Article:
the act or process of adding or uniting.
the process of uniting two or more numbers into one sum, represented by the symbol +.
the result of adding.
something added.
a wing, room, etc., added to a building, or abutting land added to real estate already owned.
Chemistry. a reaction in which two or more substances combine to form another compound.
in addition to, as well as; besides: In addition to directing the play, she designed most of the scenery.

1350–1400; Middle English addicio(u)n < Latin additiōn- (stem of additiō), equivalent to addit(us), past participle of addere to add (ad- ad- + di- put + -tus past participle suffix) + -iōn- -ion

preaddition, noun
readdition, noun

addition, edition.

1. joining. 3, 4. increase, enlargement; increment; accession, 4. supplement; appendix. Addition, accessory, adjunct, attachment mean something joined onto or used with something else. Addition is the general word, carrying no implication of size, importance, or kind, but merely that of being joined to something previously existing: an addition to an income, to a building, to one's cares. An accessory is a subordinate addition to a more important thing, for the purpose of aiding, completing, ornamenting, etc.: accessories to a costume. An adjunct is a subordinate addition that aids or assists a main thing or person but is often separate: a second machine as an adjunct to the first. An attachment is an accessory part that may be easily connected and removed: a sewing machine attachment for pleating. Unabridged
Based on the Random House Dictionary, © Random House, Inc. 2014.
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World English Dictionary
addition (əˈdɪʃən)
1.  the act, process, or result of adding
2.  a person or thing that is added or acquired
3.  a mathematical operation in which the sum of two numbers or quantities is calculated. Usually indicated by the symbol +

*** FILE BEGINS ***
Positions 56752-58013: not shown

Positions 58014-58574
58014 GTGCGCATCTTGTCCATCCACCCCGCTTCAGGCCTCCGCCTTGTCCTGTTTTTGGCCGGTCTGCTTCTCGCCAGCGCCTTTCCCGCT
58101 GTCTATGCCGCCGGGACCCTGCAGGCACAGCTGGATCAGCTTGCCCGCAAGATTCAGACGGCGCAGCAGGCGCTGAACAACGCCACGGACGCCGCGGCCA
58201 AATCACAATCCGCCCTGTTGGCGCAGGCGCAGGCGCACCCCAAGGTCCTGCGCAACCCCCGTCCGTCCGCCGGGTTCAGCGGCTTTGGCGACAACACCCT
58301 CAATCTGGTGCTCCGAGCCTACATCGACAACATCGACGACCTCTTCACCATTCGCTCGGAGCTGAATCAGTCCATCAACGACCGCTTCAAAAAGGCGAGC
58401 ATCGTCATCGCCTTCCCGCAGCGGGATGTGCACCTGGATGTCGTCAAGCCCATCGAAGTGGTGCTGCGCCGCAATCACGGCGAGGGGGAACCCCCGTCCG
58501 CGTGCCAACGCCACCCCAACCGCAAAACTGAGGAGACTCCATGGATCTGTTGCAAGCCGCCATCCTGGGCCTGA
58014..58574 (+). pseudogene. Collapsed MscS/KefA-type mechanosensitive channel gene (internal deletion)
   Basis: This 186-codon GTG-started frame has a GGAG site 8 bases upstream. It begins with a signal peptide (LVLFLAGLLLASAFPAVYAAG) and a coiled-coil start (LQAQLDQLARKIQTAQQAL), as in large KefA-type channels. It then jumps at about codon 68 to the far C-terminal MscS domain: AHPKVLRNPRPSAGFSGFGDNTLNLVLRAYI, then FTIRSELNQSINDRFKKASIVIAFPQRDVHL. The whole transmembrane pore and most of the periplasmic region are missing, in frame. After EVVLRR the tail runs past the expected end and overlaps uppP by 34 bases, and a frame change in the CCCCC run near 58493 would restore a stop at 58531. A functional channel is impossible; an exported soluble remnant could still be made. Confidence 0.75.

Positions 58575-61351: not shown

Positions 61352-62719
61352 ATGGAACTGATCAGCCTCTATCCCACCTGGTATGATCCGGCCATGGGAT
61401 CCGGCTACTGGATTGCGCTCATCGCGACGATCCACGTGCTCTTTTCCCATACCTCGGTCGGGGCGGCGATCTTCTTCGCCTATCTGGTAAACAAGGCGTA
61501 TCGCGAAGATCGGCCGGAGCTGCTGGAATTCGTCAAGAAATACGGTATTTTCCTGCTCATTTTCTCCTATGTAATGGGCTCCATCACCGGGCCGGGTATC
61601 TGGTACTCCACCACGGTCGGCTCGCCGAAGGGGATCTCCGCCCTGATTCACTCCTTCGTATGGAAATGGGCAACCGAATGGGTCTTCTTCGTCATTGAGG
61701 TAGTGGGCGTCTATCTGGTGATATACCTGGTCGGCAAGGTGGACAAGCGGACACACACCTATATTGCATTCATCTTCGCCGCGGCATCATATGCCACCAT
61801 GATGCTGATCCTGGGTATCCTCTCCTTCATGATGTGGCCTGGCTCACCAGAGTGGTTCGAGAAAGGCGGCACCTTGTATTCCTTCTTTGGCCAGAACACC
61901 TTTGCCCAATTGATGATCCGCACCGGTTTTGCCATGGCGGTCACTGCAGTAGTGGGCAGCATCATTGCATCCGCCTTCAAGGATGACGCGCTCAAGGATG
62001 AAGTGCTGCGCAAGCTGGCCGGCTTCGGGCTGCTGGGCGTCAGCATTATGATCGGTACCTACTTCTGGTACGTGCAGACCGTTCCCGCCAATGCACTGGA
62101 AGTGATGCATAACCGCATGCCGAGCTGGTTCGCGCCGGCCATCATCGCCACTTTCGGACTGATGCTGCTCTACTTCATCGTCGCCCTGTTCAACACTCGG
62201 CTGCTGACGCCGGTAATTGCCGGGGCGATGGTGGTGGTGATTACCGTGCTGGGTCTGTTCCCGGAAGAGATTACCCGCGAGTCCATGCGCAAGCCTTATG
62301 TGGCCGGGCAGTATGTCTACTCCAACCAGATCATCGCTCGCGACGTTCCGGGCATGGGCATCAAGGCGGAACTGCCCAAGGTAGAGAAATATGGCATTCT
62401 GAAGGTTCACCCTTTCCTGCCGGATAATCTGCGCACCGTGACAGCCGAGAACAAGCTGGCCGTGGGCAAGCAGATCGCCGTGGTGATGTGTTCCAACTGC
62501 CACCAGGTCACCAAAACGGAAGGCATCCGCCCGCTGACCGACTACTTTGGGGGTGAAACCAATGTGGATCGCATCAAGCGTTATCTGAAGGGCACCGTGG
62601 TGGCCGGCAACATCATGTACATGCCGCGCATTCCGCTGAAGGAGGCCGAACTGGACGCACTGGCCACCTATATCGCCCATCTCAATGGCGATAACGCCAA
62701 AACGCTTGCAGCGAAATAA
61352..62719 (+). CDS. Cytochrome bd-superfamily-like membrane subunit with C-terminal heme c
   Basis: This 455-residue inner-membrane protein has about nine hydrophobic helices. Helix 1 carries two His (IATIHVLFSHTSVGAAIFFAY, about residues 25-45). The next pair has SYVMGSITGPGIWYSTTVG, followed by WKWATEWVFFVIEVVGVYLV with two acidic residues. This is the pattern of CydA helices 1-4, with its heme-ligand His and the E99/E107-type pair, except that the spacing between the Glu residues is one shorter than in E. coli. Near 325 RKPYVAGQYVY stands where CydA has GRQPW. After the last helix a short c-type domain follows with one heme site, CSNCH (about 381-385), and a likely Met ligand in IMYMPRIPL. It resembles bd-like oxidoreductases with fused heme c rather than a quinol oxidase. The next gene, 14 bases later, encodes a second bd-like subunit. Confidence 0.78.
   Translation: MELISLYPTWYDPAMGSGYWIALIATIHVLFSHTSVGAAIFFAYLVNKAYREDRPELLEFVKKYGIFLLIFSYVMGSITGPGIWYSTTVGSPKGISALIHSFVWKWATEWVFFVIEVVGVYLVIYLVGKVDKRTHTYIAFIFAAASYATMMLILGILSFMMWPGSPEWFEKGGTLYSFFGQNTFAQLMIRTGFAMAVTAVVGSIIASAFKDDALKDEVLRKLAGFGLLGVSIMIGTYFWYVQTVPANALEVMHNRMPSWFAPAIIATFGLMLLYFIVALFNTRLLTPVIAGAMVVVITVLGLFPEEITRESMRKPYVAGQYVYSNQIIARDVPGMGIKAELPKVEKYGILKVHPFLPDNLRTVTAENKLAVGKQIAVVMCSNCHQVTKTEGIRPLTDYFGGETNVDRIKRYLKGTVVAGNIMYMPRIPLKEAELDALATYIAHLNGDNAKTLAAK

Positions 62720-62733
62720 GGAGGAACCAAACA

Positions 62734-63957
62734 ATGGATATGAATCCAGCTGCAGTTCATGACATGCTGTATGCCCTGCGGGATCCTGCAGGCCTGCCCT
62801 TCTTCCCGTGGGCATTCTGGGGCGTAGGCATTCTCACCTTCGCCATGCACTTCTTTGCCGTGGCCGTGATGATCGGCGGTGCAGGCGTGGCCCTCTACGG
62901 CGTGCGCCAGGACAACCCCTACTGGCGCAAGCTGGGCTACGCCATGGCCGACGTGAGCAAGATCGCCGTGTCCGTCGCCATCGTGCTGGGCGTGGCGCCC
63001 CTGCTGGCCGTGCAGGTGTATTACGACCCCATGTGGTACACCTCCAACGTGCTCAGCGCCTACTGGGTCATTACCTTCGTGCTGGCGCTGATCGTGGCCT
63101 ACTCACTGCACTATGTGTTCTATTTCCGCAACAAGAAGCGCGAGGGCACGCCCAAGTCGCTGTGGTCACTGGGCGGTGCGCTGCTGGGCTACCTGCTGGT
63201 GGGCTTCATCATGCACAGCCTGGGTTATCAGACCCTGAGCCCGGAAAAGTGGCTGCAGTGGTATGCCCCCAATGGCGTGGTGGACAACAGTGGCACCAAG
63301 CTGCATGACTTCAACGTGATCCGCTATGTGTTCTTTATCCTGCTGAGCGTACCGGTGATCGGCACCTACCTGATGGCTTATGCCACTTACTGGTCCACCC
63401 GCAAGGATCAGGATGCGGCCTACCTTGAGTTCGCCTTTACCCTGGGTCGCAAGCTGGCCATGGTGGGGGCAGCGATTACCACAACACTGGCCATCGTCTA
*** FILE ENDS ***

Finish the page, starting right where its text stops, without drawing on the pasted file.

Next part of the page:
4.  chiefly (US), (Canadian) a part added to a building or piece of land; annexe
5.  obsolete a title following a person's name
6.  (adverb) in addition also; as well; besides
7.  (preposition) in addition to besides; as well as
[C15: from Latin additiōn-, from addere to add]

Collins English Dictionary - Complete & Unabridged 10th Edition
2009 © William Collins Sons & Co. Ltd. 1979, 1986 © HarperCollins
Publishers 1998, 2000, 2003, 2005, 2006, 2007, 2009
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Word Origin & History

mid-14c., "that which is added," from O.Fr. addition (13c.), from L. additionem (nom. additio) "an adding to, addition," from additus, pp. of addere (see add). Meaning "action of adding" first attested mid-15c. Phrase in addition to "also" is from 1902. Related: Additional (1640s).
Online Etymology Dictionary, © 2010 Douglas Harper
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American Heritage
Science Dictionary
addition   (ə-dĭsh'ən)  Pronunciation Key 
The act, process, or operation of adding two or more numbers to compute their sum.
The American Heritage® Science Dictionary
Copyright © 2002. Published by Houghton Mifflin. All rights reserved.
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American Heritage
Idioms & Phrases


see in addition.

The American Heritage® Dictionary of Idioms by Christine Ammer.
Copyright © 1997. Published by Houghton Mifflin.
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Example sentences
These reductions will be in addition to the loss of tens of thousands of other
  temporary jobs created to process dud mortgages.
In addition to welcoming summer, there is a scientific reason for all the
  excitement surrounding this day.
In addition to being used as mixing bowls, the abalone shells served as storage
Bright colors and dramatic forms make dahlias an exciting addition to the
  summer border.
Idioms & Phrases
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